Quill pig is another name for a porcupine. Porcupines are unattractive and unpopular, but, as animals go, and unlike eagles, elephants, and donkeys, they are reasonably harmless good neighbors that mind their own business. Here's where we can talk about being good neighbors and why it's eternally important.
Thursday, September 18, 2014
Sparing Dagon in East Ramapo
It’s usually, you know, just a given in our country that, you
know, people who don’t drive still pay taxes for roads, and people who hate the
outdoors pay for public parks, and people without kids in the public schools
pay for the public schools. Just, that’s the deal. We all know it. And so what
happens when people who do not want to pay for the public schools take over the
school board? —Ira Glass, This American Life
Do not rejoice when your enemies fall into trouble. Don't be
happy when they stumble. For the LORD will be displeased with you and will turn
his anger away from them. (Prov 24:17)
The Bible warns me about
celebrating when statists get screwed by their own system – the system they
consider us immoral for wanting to bow out of. No matter who suffers how much,
they don’t seem to learn anything when it happens, which is frustrating, but
when someone’s dog keeps you up all night with its barking, it’s hard to feel
bad when it bites its owner.
Last Sunday’s episode of National
Public Radio’s This American Life was as clear a showcase of the moral
bankruptcy of statism as one is likely ever to see. It tells the woeful tale of
East Ramapo, New York, a lower-middle-class town where “most of the people …
were not Hasids, but most of the children were. Two out of three children in
the school district were Hasidic.” The Hasids didn’t want their children in the
public schools, and they didn’t want to have to pay for the public schools they
weren’t sending their kids to in addition to the yeshivas they were paying for.
But they agreed to a truce for a while: “The school board won’t call in the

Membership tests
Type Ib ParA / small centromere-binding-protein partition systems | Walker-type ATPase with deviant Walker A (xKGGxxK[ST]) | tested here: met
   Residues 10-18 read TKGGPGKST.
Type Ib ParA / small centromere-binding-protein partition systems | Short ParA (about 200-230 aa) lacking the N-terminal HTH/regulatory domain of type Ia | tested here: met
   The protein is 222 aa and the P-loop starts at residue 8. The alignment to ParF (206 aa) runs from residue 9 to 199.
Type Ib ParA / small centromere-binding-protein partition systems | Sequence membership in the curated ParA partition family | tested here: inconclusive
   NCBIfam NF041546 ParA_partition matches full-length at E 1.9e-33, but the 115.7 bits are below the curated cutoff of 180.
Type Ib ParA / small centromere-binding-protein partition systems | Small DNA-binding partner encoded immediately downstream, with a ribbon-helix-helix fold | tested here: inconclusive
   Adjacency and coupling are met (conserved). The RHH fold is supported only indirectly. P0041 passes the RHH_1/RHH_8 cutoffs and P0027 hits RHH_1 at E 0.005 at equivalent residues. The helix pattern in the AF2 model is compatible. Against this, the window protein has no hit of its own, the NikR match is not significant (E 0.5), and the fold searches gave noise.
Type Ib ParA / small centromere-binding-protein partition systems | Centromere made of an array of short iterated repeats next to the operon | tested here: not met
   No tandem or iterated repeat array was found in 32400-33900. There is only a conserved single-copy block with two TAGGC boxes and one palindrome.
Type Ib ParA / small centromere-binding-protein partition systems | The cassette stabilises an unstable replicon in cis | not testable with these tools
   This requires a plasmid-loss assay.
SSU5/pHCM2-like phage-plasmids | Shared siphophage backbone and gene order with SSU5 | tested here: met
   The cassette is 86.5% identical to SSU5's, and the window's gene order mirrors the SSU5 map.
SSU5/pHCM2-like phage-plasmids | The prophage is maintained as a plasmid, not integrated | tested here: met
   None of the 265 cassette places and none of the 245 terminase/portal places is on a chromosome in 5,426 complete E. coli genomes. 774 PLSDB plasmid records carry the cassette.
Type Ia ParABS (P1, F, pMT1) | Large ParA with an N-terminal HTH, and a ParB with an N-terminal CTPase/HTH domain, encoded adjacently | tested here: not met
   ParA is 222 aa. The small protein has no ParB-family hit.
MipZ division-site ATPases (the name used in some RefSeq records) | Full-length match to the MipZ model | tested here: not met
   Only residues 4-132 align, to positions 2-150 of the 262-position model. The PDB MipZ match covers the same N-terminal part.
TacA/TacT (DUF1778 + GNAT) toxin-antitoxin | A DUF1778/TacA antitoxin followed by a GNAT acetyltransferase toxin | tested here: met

state to check and see if math and reading and history are being properly
taught in the yeshivas, like the state mandates, if the Hasids will just stay
away from the polls.”
That worked fine until the number
of Hasidic children with special needs reached a critical mass: “Hasidic
special-ed students, like other special-ed kids, … need expensive therapies and
services and education. And the government will pay for those, is required to
pay for them. But for that to happen, the district would usually require that
the kids go into a public school setting.” And, of course, the whole point of
the yeshivas is to keep the Hasidic kids out of the public schools.
East Ramapo refused to go the
fascist route of using tax money to pay for special-ed facilities in the
yeshivas, so the Hasids ended the truce and over a period of years voted the
goys off the school board and Hasids on. The goys were understandably upset,
but the Hasids were unimpressed. A letter to the editor in the local paper put
it in what seem to me reasonable terms:
Dear fellow taxpayer in the East Ramapo school district,
again and again, I read about how upset you are about the members of the school
board, how we bloc-voted them in, how we don’t have the interests of the
schoolchildren at heart. Well, let’s take a closer look at that.
For many years, you took our tax money, year after year,
increase after increase, and you never had any problem with that. But when we
finally get together and say, that’s enough, that is a problem.
I have a solution. How about giving all of us the option to